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NAPLES — First of all this week, let's cover a couple of species and their availability.
While snook may be around in good numbers, it is still illegal to keep one of any size. We are supposed to hear something later this summer (?) about a possible fall season. Secondly, gag grouper are closed in both state and federal waters.
Thanks to some checking by sometime contributor Charle Haskell, there is documentation of a two-month season this fall for gags.
According to a letter from a Florida Sea Grant Extension Agent, the season will run from Sept. 15 to Nov. 15. As far as next year goes, there is no news as to what will happen with regards to gag grouper. As always with snook, gags, and any other fish to be released ... please release them gently and quickly.
This past weekend, we had a fair amount of strong wind, but that didn't seem to damper the fishing and catching done by local anglers.
From Estero down to the Caxambas Pass, area anglers report good catches of snook. Farther down in the Ten Thousand Islands, the snook are there, but not in the same numbers. Redfish that were in the 16- to 18-inch range a few months ago seem to be hitting around 19 to 20 inches, and responding well to shrimp on a jig. While throwing a jig for reds, a lot of good-sized trout are turning up on the hook.
Tarpon are around, and will actually eat a bait occasionally. Most reports have them ignoring baits, but around the bait balls of glass minnows, they seem to be more willing to eat.
Red grouper, kings, goliath grouper, barracuda, and an occasional cobia are providing steady action and some filets for the ice box. The water offshore continues to be beautiful in spite of the wind.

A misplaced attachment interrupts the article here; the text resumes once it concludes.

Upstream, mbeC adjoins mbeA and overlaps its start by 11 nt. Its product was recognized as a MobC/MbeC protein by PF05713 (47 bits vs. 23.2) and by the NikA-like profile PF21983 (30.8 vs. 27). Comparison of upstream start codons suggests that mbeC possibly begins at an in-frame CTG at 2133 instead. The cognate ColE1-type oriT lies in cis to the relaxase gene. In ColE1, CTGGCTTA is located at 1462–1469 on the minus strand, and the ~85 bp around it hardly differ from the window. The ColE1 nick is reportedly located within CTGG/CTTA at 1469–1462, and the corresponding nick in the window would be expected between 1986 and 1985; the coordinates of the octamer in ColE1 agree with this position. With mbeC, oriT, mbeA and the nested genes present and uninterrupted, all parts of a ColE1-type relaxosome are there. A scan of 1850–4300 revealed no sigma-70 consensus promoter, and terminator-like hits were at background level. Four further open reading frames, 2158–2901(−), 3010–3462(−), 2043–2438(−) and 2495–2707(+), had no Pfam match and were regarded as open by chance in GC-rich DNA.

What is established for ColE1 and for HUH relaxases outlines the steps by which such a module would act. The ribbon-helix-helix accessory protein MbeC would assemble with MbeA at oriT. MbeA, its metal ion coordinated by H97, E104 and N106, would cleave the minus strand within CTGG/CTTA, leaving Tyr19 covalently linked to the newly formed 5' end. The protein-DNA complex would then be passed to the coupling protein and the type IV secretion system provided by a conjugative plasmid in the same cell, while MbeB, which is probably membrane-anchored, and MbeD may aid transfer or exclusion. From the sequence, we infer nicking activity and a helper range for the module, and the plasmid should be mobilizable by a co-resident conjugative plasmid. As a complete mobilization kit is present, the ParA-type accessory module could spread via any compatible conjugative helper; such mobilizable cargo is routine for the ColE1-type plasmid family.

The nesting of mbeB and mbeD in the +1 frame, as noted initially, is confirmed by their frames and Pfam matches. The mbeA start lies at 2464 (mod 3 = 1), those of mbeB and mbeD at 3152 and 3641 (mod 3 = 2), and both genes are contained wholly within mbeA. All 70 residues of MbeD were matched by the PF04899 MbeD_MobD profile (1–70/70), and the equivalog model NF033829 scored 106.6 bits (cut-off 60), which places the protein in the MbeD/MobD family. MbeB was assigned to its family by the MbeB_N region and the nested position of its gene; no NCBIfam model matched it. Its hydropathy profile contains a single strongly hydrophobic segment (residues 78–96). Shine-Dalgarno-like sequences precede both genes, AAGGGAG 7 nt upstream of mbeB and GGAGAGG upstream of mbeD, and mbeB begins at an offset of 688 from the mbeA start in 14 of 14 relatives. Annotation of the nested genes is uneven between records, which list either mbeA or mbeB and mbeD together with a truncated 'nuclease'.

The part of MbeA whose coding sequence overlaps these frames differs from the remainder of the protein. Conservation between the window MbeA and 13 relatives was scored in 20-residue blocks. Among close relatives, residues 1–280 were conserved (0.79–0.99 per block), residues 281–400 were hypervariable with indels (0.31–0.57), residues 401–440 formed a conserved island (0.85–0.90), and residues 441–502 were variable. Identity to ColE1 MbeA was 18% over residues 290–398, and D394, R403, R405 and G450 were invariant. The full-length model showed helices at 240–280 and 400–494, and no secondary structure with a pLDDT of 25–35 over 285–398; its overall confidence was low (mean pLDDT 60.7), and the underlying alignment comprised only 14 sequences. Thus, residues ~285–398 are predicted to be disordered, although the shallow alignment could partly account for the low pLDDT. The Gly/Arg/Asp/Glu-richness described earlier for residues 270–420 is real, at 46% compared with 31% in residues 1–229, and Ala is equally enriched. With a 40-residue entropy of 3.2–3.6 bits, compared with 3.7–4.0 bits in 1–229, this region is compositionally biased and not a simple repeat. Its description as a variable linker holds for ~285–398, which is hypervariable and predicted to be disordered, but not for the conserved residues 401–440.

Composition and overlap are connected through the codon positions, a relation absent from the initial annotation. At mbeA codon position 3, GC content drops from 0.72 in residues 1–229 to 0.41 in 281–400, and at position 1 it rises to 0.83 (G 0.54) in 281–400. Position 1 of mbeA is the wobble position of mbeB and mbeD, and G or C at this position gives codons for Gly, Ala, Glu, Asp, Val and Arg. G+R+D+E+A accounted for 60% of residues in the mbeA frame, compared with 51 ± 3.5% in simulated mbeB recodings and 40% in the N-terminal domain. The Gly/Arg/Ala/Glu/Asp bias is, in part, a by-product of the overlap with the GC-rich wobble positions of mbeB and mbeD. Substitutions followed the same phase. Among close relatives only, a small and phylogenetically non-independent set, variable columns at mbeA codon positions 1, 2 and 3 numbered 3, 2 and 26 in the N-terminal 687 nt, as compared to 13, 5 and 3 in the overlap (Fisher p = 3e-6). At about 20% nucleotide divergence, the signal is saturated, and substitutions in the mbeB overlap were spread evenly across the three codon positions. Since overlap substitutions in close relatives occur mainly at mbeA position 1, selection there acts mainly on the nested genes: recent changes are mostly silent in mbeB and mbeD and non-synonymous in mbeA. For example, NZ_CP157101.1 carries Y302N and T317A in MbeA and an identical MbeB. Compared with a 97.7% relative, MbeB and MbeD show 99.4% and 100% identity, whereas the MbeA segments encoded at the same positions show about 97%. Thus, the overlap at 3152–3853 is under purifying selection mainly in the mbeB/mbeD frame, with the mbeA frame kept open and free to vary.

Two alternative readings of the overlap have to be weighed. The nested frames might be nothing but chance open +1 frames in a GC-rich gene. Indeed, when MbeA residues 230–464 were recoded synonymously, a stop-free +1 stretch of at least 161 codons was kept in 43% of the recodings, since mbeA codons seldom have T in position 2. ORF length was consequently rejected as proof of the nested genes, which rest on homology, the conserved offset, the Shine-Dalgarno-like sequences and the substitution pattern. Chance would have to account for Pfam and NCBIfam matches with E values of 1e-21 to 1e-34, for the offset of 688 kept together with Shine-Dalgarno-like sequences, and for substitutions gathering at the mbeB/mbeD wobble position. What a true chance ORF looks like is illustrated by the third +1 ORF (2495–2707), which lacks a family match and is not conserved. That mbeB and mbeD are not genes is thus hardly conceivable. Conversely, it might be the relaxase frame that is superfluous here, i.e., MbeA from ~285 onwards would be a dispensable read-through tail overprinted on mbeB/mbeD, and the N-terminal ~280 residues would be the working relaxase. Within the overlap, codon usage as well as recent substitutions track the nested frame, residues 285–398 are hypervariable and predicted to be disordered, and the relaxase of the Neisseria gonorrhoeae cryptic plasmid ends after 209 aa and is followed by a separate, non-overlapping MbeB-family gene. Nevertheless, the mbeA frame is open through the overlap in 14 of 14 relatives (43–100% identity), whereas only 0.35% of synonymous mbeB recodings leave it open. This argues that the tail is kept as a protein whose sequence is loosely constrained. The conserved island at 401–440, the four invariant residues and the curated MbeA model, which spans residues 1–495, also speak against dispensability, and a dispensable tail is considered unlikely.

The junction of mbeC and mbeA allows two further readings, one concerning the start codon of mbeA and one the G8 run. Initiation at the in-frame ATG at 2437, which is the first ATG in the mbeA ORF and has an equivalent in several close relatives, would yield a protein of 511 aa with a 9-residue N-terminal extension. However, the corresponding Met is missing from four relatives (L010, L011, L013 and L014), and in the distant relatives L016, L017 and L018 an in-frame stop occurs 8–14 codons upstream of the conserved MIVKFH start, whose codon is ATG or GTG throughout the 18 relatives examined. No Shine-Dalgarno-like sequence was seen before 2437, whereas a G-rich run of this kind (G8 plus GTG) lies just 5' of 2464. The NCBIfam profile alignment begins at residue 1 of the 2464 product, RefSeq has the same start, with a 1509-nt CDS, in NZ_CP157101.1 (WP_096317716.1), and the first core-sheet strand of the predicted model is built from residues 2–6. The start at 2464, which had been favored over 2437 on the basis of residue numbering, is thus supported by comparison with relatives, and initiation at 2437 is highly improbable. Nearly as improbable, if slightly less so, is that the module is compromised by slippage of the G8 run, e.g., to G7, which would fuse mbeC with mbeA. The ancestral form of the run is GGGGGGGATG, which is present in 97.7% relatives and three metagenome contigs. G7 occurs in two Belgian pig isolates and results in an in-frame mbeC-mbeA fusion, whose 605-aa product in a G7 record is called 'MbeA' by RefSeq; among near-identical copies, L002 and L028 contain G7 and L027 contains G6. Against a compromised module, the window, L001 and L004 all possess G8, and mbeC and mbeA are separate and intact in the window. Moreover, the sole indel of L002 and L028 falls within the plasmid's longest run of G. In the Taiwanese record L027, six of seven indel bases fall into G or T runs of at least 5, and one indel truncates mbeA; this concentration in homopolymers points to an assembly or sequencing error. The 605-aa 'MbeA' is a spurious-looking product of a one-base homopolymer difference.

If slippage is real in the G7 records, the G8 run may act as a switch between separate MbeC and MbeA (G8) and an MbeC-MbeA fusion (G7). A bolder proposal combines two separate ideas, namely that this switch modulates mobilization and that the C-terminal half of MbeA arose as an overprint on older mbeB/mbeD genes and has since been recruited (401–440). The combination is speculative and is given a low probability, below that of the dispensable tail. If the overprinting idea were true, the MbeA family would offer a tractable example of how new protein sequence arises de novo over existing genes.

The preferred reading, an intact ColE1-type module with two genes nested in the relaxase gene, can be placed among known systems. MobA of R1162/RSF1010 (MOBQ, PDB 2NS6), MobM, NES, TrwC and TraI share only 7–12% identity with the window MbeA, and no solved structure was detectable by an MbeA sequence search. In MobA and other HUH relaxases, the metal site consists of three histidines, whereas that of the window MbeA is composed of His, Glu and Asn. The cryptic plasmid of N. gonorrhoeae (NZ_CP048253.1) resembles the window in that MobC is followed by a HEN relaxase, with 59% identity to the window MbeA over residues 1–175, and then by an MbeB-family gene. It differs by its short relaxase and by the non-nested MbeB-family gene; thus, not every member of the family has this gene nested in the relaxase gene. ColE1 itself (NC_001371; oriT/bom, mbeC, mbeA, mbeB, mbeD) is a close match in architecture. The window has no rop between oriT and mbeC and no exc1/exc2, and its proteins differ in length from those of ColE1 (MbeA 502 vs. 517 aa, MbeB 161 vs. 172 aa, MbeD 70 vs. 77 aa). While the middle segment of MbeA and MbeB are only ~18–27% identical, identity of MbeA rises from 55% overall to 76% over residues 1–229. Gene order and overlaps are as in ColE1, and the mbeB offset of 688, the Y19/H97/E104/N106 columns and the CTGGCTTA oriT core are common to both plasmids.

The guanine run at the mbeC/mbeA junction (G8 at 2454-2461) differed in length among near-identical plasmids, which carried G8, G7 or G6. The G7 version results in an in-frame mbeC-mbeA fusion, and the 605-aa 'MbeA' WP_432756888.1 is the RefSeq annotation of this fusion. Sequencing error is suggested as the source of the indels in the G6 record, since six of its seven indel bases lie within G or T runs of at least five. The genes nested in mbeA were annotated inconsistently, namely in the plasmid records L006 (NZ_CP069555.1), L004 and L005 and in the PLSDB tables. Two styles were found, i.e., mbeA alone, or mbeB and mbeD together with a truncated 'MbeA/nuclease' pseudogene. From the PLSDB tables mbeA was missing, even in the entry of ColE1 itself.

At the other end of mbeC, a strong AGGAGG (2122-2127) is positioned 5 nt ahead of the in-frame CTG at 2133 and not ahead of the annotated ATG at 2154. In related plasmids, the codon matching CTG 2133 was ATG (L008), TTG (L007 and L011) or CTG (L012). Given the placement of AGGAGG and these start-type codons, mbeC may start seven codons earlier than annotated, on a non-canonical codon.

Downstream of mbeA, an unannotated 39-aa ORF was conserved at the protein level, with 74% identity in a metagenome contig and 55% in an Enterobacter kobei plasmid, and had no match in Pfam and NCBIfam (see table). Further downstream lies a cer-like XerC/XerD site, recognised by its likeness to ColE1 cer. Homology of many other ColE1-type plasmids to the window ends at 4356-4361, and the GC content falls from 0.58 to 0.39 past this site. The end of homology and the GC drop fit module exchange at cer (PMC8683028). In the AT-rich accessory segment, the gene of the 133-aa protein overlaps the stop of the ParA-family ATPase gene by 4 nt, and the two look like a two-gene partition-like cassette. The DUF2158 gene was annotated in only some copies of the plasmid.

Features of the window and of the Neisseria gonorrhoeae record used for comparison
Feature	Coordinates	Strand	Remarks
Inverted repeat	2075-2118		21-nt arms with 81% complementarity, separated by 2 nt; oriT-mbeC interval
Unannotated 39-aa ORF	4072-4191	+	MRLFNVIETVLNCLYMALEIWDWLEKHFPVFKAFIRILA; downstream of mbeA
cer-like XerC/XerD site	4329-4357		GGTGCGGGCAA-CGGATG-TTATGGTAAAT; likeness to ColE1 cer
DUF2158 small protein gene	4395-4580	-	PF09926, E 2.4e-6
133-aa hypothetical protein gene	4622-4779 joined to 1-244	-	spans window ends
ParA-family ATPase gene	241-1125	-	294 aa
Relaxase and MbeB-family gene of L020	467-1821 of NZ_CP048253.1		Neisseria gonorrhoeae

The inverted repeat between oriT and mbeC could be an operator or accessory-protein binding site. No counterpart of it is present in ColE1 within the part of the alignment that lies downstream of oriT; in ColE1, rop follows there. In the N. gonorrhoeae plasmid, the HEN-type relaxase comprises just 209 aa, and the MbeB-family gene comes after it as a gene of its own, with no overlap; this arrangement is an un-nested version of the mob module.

Speaking of barracuda, some of the larger ones have been quick to chomp on a nice 12- to 15-pound king that has been hooked. It is a race between angler and 'cuda for the prize. Lots of small sharks can also be had by the offshore angler. The captains have been using cut sardines, live shrimp, and squid for bait.
Naples to Estero Bay: After being blown out of the Keys this weekend, I fished with Bill Hickman on Monday in the Estero and North Naples area.
Getting lucky on white bait, we caught a few snook and a couple of mackerel before the tide started to come in. Once that happened, it got wild. Every time we threw out a bait, two or three snook would race to see who could eat it first. At the end of five hours on the water (and only one and a half of incoming tide), we called it quits at 40 snook, eight jacks, two trout, and three large mackerel.
Capt. Seth Hayes also reports a good snook bite while fishing Estero. He is finding fish in and around the passes, and they are hungry.
Most of the fish are in the 20- to 27-inch range. Seth has also been running outside looking for tarpon and permit on calmer days. Using threads, he is jumping tarpon found under the glass minnow bait balls. When found, permit are quick to gobble up a small crab tossed their way. Most of the permit run from 15 to 30 pounds. On a recent trip with Kevin Madison and his 11-year- old daughter, they landed over 40 snook.